HC Deb 25 February 1965 vol 707 cc600-3
Q1. Mr. Prior

asked the Prime Minister whether he will appoint an additional Parliamentary Secretary to the Minister of Power in view of the extra work involved in the renationalisation of steel.

Q2. Mr. Kershaw

asked the Prime Minister whether he will appoint another Parliamentary Secretary to the Ministry of Power with a seat in this House, in view of the heavy work involved in the proposed legislation to do with the steel industry.

The Prime Minister (Mr. Harold Wilson)

No, Sir.

Mr. Prior

Is the right hon. Gentleman aware that Lord Bowden would make an excellent choice for an appointment of this nature? Is he further aware that the noble Lord's views correspond much more accurately with those in the country than do the right hon. Gentleman's views on the subject of steel nationalisation? If he expects other people to give up their out-of-date views, would it not be a good example for him to give up his out-of-date views about steel nationalisation?

The Prime Minister

If the House looks at what my right hon. Friend said, I think they will find that his remarks do not bear the construction put on them by the hon. Member. I was asked whether I would recommend the appointment of an additional Parliamentary Secretary. I have the fullest confidence in my right hon. Friend and the Parliamentary Secretary to meet any calls put upon them.

Mr. Kershaw

Is the Prime Minister aware that Lord Bowden said that the Government's steel nationalisation plans were in jeopardy unless they were modified to help the Liberal Party to agree with them? Will the Prime Minister say what steps he proposes to take to modify steel nationalisation so as to help the Liberal Party to agree with him?

The Prime Minister

The Government will continue to put forward the proposals which they think are right in the interests of the nation, whether the Liberal Party agree with them or not.

Mr. Philip Noel-Baker

Can my right hon. Friend confirm that steel is a major factor in our balance of payments situation, that last year we paid £106 million for steel and iron imports which could and should have been made in this country, and that, in general, the case for steel nationalisation is so overwhelming that there will be no difficulty at all?

The Prime Minister

I think that the figures o a the balance of payments for exports and imports were very authoritatively dealt with by my right hon. Friend the Minister of Power when this matter was last debated in the House. I seem to recall that on that occasion the House took a very wise decision when called upon to vote on this matter, and it will no doubt do so again.

Mr. Iain Macleod

Does the Prime Minister realise that these Questions are directed to the burden of work within the Department? Does he realise that the meeting between the Minister and the leaders of the steel industry last week was only the second meeting and that this consisted largely of the leaders of the industry telling the Minister that his speeches were harming the steel industry? Does he further realise that the undertaking to which the Prime Minister assented in the debate about firms with multiple interests—he knows the point well—has never been made to the House? Either these Ministers are overworked or they are inefficient. Which is it?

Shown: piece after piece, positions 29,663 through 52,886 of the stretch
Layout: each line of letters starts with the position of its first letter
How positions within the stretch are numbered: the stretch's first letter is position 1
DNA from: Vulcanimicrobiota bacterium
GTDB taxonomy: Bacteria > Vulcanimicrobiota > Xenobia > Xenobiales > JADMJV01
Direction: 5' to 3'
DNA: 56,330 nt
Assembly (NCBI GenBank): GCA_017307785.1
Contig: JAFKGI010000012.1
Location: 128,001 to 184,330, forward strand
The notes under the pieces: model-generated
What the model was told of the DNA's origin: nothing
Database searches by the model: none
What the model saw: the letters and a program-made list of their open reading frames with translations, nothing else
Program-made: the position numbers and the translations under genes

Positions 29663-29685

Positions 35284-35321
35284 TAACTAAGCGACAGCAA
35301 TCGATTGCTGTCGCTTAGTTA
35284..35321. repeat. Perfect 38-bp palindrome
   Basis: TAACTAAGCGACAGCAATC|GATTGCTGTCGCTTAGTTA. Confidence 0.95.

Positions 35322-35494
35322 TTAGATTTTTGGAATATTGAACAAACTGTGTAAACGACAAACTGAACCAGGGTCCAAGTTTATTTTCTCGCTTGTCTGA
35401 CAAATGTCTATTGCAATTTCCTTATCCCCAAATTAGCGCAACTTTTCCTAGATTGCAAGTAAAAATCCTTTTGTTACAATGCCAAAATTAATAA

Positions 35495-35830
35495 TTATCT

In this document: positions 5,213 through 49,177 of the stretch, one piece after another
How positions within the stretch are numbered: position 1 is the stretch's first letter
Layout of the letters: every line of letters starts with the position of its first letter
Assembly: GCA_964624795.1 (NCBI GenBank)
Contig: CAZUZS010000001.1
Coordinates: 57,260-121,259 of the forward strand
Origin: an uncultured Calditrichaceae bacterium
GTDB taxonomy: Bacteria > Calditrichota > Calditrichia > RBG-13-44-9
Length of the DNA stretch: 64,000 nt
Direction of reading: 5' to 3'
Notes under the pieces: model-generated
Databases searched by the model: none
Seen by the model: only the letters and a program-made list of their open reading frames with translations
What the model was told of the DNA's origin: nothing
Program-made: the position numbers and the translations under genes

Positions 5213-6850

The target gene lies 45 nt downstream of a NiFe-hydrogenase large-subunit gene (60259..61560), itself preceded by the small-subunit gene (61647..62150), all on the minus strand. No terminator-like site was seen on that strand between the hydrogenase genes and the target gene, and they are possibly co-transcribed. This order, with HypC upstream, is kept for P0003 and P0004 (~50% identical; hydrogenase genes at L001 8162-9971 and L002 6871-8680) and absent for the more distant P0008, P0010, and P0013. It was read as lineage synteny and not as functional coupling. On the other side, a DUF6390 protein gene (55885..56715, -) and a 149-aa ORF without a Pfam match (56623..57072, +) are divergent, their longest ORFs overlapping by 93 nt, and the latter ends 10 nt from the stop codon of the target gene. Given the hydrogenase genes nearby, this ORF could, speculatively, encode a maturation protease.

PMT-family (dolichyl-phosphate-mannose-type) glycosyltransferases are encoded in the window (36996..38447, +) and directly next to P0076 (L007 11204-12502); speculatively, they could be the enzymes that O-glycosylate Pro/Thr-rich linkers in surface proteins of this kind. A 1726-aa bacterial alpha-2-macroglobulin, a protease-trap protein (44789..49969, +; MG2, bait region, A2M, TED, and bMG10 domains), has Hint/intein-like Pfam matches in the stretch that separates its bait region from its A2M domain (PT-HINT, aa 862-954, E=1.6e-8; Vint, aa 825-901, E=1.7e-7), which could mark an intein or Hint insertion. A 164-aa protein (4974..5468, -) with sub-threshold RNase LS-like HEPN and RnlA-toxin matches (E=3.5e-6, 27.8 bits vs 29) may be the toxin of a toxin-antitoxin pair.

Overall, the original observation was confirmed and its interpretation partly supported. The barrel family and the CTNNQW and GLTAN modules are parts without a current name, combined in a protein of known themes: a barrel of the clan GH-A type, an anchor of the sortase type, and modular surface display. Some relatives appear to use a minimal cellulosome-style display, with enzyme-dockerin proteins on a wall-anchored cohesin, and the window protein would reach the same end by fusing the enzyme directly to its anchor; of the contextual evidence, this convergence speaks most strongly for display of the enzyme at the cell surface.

The Prime Minister

The right hon. Gentleman will have a chance, no doubt, to make those points when the matter is debated once again.

Hon Members


The Prime Minister

When it appears in the weekly announcement of next week's business by my right hon. Friend the Leader of the House. We all know the impatience with which the right hon. Gentleman, for reasons which have nothing to do with steel, is awaiting this announcement. I have no doubt that, on that occasion, he will express the views of the steelmasters as fully and as slantedly as he has today.

Mr. Iain Macleod

Does the Prime Minister realise that the undertaking of full consultation was given not only to the steel industry but to industry and consumers generally in this country? Does he further realise that these consultations have turned out to be a farce, and will he see that these consultations are genuinely undertaken from now on?

The Prime Minister

In view of the need for these consultations, I cannot quite understand, except for the reason I hinted at, why the right hon. Gentleman is so impatient to bring the matter forward.

Mr. David Griffiths

Is my right hon. Friend aware that the allegations and assertions which hon. and right hon. Gentlemen opposite are making are purely "phoney" and that they are more concerned with what we are going to do on the question of land than on the question of steel?

Hon. Members


The Prime Minister

It is not for me to attempt to fathom the workings of the minds of hon. and right hon. Gentlemen opposite.

Several Hon. Members


Mr. Speaker

Order. We really must make some progress.